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Re: Encouraging canonical serializations of datatypes in RDF

From: David Booth <david@dbooth.org>
Date: Wed, 01 Aug 2012 15:12:30 -0400
To: Gavin Carothers <gavin@carothers.name>
Cc: public-rdf-comments <public-rdf-comments@w3.org>
Message-ID: <1343848350.2725.87275.camel@dbooth-laptop>
Hi Gavin,

On Tue, 2012-07-31 at 12:57 -0700, Gavin Carothers wrote:
> On Tue, Jul 31, 2012 at 11:31 AM, David Booth <david@dbooth.org> wrote:
[ . . . ]
> > A particular case in point: xsd:datetime.
> >
> >   "2012-07-31T17:16:00+01:00"^^xsd:dateTime
> >
> > represents the same point in time as
> >
> >   "2012-07-31T16:16:00Z"^^xsd:dateTime
> 
> No, it doesn't. This is a common misunderstanding regarding date
> times. The time zone is NOT a meaningless value. xsd:dateTime happily
> gets this right in the timezoneCanonicalFragmentMap
> http://www.w3.org/TR/xmlschema11-2/#f-tzCanFragMap

Can you explain?  I just tested the above example using the Perl
DateTime::Format::XSD library (to be sure I hadn't made a silly typo),
and it says that they represent the exact same point in time.  If you
think that library is wrong, I'd like to know why.

> 
> >
> > but the strings are not the same.  This could be avoided by encouraging
> > a canonical serialization such as dateTimeStamp
> > http://www.w3.org/TR/xmlschema11-2/#dateTimeStamp
> > in which the timezoneFrag is required to be "Z".  (I've just filed a
> > bugzilla report on XML Datatypes to ask for such a canonicalization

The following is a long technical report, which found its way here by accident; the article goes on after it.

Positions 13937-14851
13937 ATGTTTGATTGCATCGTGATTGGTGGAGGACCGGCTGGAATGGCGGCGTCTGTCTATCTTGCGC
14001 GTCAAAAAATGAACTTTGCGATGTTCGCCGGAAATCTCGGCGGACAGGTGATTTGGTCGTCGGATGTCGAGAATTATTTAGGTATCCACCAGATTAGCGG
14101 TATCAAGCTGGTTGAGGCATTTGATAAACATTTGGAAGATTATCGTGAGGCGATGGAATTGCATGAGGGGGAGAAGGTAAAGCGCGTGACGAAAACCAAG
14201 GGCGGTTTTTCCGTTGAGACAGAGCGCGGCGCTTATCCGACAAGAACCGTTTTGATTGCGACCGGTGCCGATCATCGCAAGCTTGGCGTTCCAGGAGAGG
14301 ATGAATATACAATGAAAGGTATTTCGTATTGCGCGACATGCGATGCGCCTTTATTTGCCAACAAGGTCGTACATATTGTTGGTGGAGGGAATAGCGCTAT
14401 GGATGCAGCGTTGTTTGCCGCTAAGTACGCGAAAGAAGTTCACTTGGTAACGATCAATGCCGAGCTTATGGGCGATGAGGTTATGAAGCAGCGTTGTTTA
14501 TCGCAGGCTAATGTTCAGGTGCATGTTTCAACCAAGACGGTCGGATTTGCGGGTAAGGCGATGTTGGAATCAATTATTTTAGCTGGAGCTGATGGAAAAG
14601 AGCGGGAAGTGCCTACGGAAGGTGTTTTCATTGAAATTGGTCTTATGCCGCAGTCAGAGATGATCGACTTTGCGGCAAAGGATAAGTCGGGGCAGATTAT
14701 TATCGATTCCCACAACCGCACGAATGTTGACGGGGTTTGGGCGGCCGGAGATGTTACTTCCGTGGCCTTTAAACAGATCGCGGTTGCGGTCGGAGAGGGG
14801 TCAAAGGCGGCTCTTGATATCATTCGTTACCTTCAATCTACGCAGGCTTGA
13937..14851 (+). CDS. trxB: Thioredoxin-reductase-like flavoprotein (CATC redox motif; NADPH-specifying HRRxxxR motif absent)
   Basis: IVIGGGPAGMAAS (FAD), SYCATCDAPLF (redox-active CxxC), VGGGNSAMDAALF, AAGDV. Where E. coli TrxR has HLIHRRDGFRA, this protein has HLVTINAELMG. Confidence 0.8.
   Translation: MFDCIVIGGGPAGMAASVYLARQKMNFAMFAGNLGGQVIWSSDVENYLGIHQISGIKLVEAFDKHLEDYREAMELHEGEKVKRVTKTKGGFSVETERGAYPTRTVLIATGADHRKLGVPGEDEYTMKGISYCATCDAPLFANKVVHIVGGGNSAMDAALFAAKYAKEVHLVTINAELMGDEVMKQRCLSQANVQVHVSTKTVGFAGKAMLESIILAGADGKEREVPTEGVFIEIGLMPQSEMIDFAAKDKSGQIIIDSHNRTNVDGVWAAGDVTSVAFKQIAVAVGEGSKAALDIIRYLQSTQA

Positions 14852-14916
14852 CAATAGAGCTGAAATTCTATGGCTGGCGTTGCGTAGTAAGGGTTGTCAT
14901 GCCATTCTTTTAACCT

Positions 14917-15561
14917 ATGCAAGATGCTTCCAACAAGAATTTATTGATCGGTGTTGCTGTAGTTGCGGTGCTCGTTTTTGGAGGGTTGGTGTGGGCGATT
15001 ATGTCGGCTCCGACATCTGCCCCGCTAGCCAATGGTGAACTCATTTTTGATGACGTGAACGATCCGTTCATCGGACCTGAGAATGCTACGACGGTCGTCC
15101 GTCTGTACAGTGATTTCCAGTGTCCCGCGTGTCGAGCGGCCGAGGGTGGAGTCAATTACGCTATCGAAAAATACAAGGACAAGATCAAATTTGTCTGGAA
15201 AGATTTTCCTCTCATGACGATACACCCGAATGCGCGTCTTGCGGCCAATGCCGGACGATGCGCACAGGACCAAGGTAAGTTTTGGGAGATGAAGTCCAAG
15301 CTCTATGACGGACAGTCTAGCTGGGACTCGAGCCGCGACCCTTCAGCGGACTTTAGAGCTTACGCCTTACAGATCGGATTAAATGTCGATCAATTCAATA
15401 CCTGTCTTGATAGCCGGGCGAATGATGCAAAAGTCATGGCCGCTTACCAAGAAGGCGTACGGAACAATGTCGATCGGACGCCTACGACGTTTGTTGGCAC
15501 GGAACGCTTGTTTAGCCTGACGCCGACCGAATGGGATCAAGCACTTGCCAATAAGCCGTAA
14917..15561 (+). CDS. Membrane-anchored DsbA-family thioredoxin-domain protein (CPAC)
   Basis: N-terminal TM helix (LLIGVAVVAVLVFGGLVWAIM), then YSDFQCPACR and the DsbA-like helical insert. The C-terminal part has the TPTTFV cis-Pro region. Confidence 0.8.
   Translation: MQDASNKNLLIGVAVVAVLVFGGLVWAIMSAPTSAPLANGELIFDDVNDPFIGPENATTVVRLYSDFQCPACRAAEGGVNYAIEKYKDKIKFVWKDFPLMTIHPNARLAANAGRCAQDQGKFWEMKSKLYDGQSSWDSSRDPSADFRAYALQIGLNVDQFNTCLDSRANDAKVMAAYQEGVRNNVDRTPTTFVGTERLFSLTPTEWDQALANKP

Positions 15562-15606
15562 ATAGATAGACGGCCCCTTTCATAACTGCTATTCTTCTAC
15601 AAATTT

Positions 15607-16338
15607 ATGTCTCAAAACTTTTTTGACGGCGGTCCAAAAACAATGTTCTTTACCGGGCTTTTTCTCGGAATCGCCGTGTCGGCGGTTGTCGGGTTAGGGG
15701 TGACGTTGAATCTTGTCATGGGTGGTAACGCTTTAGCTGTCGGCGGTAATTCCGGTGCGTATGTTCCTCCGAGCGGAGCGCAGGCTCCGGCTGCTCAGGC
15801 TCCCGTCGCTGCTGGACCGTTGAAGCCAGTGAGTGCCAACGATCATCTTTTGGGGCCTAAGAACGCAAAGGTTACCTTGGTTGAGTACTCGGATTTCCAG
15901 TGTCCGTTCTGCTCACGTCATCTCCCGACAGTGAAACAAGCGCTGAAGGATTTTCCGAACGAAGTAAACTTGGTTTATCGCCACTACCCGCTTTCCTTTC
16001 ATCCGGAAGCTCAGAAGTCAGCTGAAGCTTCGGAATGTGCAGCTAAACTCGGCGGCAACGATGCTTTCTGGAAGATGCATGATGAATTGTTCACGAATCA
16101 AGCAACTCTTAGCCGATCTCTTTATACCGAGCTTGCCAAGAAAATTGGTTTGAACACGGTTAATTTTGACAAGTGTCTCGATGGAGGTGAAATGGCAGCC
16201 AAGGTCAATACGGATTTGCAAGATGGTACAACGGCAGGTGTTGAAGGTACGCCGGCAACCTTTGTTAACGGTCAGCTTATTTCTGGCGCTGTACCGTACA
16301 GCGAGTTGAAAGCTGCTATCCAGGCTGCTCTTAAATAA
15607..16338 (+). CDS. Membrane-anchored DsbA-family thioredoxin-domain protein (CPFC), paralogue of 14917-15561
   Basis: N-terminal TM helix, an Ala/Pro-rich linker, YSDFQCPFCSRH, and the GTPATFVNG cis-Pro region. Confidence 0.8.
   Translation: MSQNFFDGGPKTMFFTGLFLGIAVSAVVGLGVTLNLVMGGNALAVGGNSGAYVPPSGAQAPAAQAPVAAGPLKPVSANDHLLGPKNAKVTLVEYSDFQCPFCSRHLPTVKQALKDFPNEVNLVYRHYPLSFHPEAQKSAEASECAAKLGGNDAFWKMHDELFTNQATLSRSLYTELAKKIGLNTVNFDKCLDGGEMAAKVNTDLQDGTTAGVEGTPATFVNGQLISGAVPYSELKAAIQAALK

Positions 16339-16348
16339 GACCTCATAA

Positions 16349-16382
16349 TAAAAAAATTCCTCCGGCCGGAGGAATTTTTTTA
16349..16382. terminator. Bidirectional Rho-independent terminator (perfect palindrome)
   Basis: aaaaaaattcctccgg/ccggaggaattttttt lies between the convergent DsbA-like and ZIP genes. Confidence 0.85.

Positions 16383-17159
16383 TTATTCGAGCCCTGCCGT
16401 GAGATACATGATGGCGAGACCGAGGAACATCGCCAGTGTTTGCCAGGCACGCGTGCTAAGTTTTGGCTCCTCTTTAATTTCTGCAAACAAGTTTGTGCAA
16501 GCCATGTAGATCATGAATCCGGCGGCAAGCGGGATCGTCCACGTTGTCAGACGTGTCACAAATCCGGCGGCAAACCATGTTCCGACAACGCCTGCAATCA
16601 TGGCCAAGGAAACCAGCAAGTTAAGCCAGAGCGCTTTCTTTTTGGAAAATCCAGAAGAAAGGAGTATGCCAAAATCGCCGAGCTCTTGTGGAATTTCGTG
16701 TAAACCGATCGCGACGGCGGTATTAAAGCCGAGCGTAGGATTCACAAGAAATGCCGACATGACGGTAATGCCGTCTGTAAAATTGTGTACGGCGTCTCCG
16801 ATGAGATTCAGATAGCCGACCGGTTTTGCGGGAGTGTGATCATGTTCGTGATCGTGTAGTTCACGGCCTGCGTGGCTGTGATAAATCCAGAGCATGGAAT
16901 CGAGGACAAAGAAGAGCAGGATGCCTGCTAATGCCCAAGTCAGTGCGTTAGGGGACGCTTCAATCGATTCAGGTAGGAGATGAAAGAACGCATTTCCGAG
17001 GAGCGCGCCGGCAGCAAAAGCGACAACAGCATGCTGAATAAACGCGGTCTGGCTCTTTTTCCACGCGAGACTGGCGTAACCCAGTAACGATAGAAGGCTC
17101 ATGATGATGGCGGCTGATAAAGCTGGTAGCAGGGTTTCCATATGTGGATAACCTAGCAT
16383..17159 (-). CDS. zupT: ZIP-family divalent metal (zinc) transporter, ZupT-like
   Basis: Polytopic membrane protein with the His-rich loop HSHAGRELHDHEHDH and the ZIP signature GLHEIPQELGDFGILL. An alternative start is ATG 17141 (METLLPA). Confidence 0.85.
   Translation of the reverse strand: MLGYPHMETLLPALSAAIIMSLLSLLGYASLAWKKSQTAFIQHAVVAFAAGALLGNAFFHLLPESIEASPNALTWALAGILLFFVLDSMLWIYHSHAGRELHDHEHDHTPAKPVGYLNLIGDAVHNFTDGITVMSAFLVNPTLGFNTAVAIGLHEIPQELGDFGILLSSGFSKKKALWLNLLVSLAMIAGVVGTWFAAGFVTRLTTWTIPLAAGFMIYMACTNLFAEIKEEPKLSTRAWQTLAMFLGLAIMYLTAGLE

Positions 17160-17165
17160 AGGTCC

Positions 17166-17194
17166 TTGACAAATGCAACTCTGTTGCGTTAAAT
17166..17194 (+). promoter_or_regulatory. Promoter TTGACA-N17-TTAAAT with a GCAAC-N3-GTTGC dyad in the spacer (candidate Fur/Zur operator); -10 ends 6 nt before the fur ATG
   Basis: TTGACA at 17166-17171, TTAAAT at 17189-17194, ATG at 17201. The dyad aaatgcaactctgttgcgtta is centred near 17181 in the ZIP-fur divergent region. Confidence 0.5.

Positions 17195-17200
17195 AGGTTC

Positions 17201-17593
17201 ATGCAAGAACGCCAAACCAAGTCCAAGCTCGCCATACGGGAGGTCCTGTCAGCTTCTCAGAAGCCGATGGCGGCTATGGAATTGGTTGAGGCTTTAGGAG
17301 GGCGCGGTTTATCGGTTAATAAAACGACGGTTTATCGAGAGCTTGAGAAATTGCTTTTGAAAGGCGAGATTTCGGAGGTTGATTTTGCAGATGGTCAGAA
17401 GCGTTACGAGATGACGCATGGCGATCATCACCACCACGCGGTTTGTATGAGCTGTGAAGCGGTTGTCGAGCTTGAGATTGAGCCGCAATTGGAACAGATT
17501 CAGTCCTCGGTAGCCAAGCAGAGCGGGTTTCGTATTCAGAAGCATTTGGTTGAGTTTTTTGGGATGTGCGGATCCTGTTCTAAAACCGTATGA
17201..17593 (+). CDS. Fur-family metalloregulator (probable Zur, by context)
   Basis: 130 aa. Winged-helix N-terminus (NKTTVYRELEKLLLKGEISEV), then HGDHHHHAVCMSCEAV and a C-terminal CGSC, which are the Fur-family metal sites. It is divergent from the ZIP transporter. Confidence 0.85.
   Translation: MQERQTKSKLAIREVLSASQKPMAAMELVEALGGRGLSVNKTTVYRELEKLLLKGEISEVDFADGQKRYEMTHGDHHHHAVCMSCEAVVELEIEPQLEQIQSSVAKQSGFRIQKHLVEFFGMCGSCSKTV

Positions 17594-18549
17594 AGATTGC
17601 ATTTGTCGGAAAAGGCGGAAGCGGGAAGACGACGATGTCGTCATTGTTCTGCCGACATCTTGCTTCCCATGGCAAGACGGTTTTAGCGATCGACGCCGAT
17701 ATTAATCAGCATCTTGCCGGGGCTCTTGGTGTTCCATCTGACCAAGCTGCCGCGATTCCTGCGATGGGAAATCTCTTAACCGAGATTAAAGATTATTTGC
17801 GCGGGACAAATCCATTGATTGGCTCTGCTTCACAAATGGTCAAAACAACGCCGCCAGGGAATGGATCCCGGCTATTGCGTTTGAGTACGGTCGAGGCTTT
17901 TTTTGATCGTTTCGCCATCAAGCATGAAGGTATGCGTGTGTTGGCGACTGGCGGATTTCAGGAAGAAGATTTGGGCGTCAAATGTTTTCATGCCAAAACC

> > https://www.w3.org/Bugs/Public/show_bug.cgi?id=18452
> > because there doesn't seem to be one defined currently.)
> >
> > How forcefully such canonicalization should be encouraged is a matter
> > for debate.  I do not think it should be a "MUST".  "SHOULD" would be
> > fine, as there are good reasons why someone may want to generate
> > non-canonical literals.  But it may also be good enough to just put an
> > editorial note in the spec saying that "RDF generators are encouraged to
> > generate literals in a standard, canonical form that allows simple
> > string comparison to test for equality and greater-than/less-than when
> > possible".
> 
> I would object to either MUST or SHOULD. In may systems preserving the
> original lexical form is an important feature. 

I agree that preserving the lexical form is important for many
applications, and those should not perform canonicalization.  The
RFC2119 definition of "SHOULD" specifically allows deviation for good
reason:
http://www.ietf.org/rfc/rfc2119.txt 
[[
3. SHOULD   This word, or the adjective "RECOMMENDED", mean that there
   may exist valid reasons in particular circumstances to ignore a
   particular item, but the full implications must be understood and
   carefully weighed before choosing a different course.
]]

Given this definition, why do you think "SHOULD" would be too strong?


> RDF does this well
> today and clearly defines lexical space as separate from value space.
> 
> The current working group direction is try and specify a canonical
> serialization of both a single triple and possibly of a graph as
> specific form of N-Triples. 

Excellent!  I was not aware of this, but I strongly support the idea.

> Cononicalization doesn't stop with just
> datatypes. 

Agreed.  Datatypes just seemed like the most obvious place to start.

> This should serve the use cases that require
> canonicalization well. If there is a specific use case the current WG
> direction won't serve please send it along.

Okay.


-- 
David Booth, Ph.D.
http://dbooth.org/

Opinions expressed herein are those of the author and do not necessarily
reflect those of his employer.
Received on Wednesday, 1 August 2012 19:13:04 UTC

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